Snapper fishing was not the only thing Ab introduced me to. One day, during one of our visits, Ab sent me down to his basement to get a pail. It was the first time I was ever there and what I saw was a bit shocking. The place was in a state of disarray. I wondered if Ab was also in disarray. Confused about it, I let it go. While looking for the pail, I noticed many other pieces of equipment, but I was particularly drawn to some kind of a rake. The tines were very unusual for a rake, I thought; they were quite long. It didn’t look like a gardening rake. What was it for?
Ab told me that it was a clam rake. At that moment, I knew I wanted to go clamming with him.
One day the time came, the tide was low (as it should be for clamming) the sun was shining. Ab provided me with a rake and waders and we went to a spot in Shinnecock Bay. He explained to me how one goes about clamming. It was a first for me, and I loved it.
I started to research clams and clamming. I wanted to know more about them: more than that they were shellfish and delicious. I discovered some interesting things. Basically there are two types of clams; hard-shell and soft-shell. Soft-shell clams are male and female; hard shell clams are hermaphrodite. They have the equipment to self-reproduce. Hard clams (aka Quahogs) have the greatest longevity of any marine organism; they can live at least 200 years. They live beneath the surface of sand or mud, finding their own spot, out of harm’s way. There they reside, moving ever so slightly on their own, but occasionally having their neighborhood changed by the water currents. They are usually harvested after the age of 20.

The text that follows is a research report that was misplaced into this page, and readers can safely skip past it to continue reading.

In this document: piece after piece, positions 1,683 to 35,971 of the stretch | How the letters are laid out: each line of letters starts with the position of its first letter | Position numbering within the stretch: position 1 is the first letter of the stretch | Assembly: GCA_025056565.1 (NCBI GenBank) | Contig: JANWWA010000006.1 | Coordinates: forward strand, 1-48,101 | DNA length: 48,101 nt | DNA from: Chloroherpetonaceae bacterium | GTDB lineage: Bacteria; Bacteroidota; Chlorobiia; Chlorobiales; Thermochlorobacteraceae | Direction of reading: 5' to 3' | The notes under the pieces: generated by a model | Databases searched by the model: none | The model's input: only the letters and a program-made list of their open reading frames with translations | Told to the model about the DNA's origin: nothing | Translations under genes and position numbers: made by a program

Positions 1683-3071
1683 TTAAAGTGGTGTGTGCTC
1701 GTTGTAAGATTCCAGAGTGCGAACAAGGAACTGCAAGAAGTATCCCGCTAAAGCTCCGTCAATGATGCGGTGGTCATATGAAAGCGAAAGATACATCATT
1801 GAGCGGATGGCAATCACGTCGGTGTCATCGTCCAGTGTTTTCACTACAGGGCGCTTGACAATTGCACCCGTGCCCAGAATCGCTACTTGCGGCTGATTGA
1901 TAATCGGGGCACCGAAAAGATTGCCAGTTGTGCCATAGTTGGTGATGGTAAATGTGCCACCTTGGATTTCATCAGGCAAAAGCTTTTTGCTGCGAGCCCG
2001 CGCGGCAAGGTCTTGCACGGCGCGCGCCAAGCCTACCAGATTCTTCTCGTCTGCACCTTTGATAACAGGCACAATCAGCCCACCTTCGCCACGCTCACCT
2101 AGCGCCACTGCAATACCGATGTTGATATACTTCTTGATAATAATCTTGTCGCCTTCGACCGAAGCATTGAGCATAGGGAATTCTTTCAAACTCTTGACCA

As a CPA, I was approached occasionally for financial advice. Once, my step-daughter and son-in-law. had some funds available for investment and asked my advice. I suggested they buy half a house in Hampton Bays and Llewellyn and I would by the other half. It happened just that way and for the past 40 years, from April through September, we spend most of our weekends there, just a clam’s throw from a beautiful bay beach.
Soon after we started our weekends there, I bought myself an almost-professional clam rake and a wader and began my search for the most beautiful spot with the greatest clam yield. For years I clammed in many different places, in search of which I finally found.
It’s a beautiful spot. You turn off Montauk Highway and drive about an eighth of a mile to a bend in the road when, suddenly, the blue of the sky in front of you meets the cool still waters of this beautiful, shimmering, quiet inlet of the Peconic, and you know that you have arrived at someplace wonderful.
I would estimate that I have retrieved over 4,000 clams from that body of water over the years. That provides for a lot of clams in black bean sauce, linguini in clam sauce and clam chowder.
Usually there is no one clamming in this water but me. I often wonder why, since this is a place of beauty and there are always clams here (sometimes even an occasional oyster). About two hours is usually enough for me. By then, I have between 75 and 100 clams in my Zabar’s Styrofoam box which is attached to my waist with a clothesline.